Book Review: Somewhere Under the Rainbow

Tom Thumb of Road Junky provided a review copy of Somewhere Under the Rainbow for the purpose of this book review.

Tom Thumb has been writing and telling stories since he was six years old. In his latest story, Somewhere Under the Rainbow, he delves into an organic sense of “happiness” through his personal experiences of attending Rainbow Gatherings. Somewhere Under the Rainbow is Tom’s travelogue about the little-known world of these gatherings where intrepid travellers, some who want to escape “Babylon”, gather in the outdoors at destinations around the world. But, these gatherings aren’t just for the nomads. Rainbow Gatherings attract gatherers from all walks of life who live together for an intense and undefined space of time.

Obviously, realising happiness can involve wandering a path of sadness, or even frustration. During his experiences, Tom laments his frustrations over obvious issues that can emerge at a Rainbow. A “master-level” of trust is required at any Rainbow and there’s the constant need to “trust” the Rainbow and individuals within, for example when gatherers insist on nudity or eating more than their fair share. Plus, there’s the regular occurrence of a socio-political tug-of-war between some Rainbow gatherers who try to instil hierarchy; one of the most colourful of Tom’s encounters involved an “alpha male hippie King Arthur reincarnation”.

Stress exists when basic needs fail to be met. Food preparation, funds to buy necessities, available shelter and warmth ultimately depend on those who attend and their contributions to the Rainbow. Just when the reader feels that a Rainbow offers an idealistic, harmonious alternative against a backdrop of rolling hills and sunshine, conditions can changes as disastrously as the weather. The reader then discovers that gatherers can encounter stress like insatiable hunger, to the point where Tom is “one meal away from collapse”. While a Rainbow has the ability to bend its arch when “disaster” strikes, Tom finds some gatherers struggling to show respect for fellow “brothers and sisters” and themselves. Tom admits that it’s “not always a bad thing to suffer a bit” despite his suggestions that gatherers, at one point, are “looking like refugees” or living through a mosquito “war”…“You don’t know what we went through”.

Ultimately, a good Rainbow is as good as its people; the regulars and newcomers alike can experience their own challenges when they’re brought together, which can affect the entire group. At times, “free-spirited anarchy” ensues, particularly when unexpected idiosyncrasies or language barriers among gatherers emerge. Ideals can clash and the potential for anarchy can dampen the spirits of an entire Rainbow. Having said that, welcomed ideas and knowledge spread throughout the group and gatherers do feel they belong somewhere.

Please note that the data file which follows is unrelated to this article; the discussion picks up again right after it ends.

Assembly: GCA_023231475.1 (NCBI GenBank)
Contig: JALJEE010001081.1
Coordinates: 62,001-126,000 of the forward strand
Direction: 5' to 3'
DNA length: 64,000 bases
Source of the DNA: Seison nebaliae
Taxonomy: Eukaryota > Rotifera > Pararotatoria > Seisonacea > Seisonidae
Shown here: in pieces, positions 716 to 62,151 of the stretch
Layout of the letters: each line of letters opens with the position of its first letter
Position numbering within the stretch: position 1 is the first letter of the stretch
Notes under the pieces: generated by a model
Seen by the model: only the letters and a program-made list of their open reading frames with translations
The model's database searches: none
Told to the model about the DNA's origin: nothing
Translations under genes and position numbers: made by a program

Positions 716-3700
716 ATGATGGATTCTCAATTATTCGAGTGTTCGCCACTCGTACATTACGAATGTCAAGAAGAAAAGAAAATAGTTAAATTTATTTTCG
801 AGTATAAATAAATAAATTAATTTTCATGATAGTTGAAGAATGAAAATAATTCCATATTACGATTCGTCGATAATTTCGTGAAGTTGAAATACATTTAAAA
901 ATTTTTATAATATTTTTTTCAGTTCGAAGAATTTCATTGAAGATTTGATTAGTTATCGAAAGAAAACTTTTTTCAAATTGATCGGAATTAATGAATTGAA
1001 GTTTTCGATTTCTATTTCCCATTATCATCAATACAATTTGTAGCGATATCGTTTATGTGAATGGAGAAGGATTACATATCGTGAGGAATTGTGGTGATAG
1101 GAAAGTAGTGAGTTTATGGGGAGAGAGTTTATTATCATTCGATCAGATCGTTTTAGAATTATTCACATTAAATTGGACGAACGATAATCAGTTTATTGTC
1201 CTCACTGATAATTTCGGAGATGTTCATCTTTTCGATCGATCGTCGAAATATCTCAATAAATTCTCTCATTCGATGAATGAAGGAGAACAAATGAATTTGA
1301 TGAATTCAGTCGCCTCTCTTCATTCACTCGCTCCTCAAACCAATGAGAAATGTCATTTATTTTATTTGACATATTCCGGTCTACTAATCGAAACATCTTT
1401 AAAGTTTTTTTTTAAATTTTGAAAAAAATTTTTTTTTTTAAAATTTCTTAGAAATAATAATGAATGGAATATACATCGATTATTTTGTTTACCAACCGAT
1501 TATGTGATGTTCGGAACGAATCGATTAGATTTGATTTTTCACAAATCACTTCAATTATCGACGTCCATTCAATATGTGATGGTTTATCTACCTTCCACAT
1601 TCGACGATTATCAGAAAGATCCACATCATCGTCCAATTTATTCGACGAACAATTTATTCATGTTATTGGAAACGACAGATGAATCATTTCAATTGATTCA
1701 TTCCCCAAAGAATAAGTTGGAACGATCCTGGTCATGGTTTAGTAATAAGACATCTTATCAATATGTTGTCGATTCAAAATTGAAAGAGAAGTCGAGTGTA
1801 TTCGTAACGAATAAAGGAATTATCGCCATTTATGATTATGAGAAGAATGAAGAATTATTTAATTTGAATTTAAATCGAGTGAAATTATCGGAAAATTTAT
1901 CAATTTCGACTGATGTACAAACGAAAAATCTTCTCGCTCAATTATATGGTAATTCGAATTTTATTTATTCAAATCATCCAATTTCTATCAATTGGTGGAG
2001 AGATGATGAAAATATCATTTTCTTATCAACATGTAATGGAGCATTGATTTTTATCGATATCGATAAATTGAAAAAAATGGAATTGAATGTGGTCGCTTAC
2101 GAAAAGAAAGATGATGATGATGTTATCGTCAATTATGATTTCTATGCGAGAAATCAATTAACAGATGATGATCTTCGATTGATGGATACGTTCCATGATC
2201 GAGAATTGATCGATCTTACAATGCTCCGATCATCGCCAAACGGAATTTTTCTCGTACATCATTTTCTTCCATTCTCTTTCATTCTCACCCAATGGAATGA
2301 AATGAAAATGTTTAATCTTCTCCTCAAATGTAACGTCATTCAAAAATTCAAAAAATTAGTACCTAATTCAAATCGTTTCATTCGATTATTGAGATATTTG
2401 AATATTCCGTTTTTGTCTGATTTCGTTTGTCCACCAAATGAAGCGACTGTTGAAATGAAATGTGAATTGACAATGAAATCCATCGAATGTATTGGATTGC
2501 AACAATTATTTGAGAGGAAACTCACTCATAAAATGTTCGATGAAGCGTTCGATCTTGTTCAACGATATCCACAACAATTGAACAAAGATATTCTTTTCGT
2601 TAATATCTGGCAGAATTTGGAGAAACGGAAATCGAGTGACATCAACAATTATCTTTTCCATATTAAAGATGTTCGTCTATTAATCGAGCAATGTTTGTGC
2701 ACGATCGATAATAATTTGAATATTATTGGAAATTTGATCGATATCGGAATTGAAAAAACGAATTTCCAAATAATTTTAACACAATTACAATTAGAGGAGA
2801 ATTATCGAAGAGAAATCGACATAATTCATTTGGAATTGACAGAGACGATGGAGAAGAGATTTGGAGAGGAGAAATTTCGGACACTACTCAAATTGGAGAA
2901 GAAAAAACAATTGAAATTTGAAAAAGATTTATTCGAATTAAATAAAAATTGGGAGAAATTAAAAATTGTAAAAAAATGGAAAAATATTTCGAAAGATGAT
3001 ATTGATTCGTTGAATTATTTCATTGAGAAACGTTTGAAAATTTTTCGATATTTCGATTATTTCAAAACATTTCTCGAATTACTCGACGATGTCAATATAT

Tom experiences surreal feelings of optimism and hope at Rainbows and he notes that “Babylon” does not feel normal; a polarising realisation that is regularly experienced by frequent travellers. Tom stresses that a Rainbow isn’t for everyone and weather isn’t always the only off-putting downside. Social protocols can be challenged and a Rainbow doesn’t always remove the awkwardness gatherers might face when expressing their views in “Babylon”. Despite parallels in beliefs, Tom discovers that Rainbows can be a family affair. Tom has always felt the most welcome at a Rainbow and the compassion he finds along the way is sometimes the best medicine. “You could fill a book about bizarre beliefs” though there is tolerance to be found at a Rainbow when vulnerability exists.

Tom admits there might be “something to this whole hippie dream” and Somewhere Under the Rainbow asks if it’s possible to just wander any more; whether there’s a “spirit alive inside” still. These are questions that many Rainbow gatherers face, as well as travellers in general. 

Like any journey, there will always be new beliefs to be heard, new situations to experience and unique stories to tell – just like those found in Tom’s book. His persuasive writing style, objective reflections and candid stories give his readers an in-depth account of the Rainbow experience for those who are already gatherers or those who want to join in. Somewhere Under the Rainbow is also, more importantly, a realistic account of human nature as well as its intrinsic need to explore.  

Somewhere Under the Rainbow is available in print and Kindle versions through Amazon.

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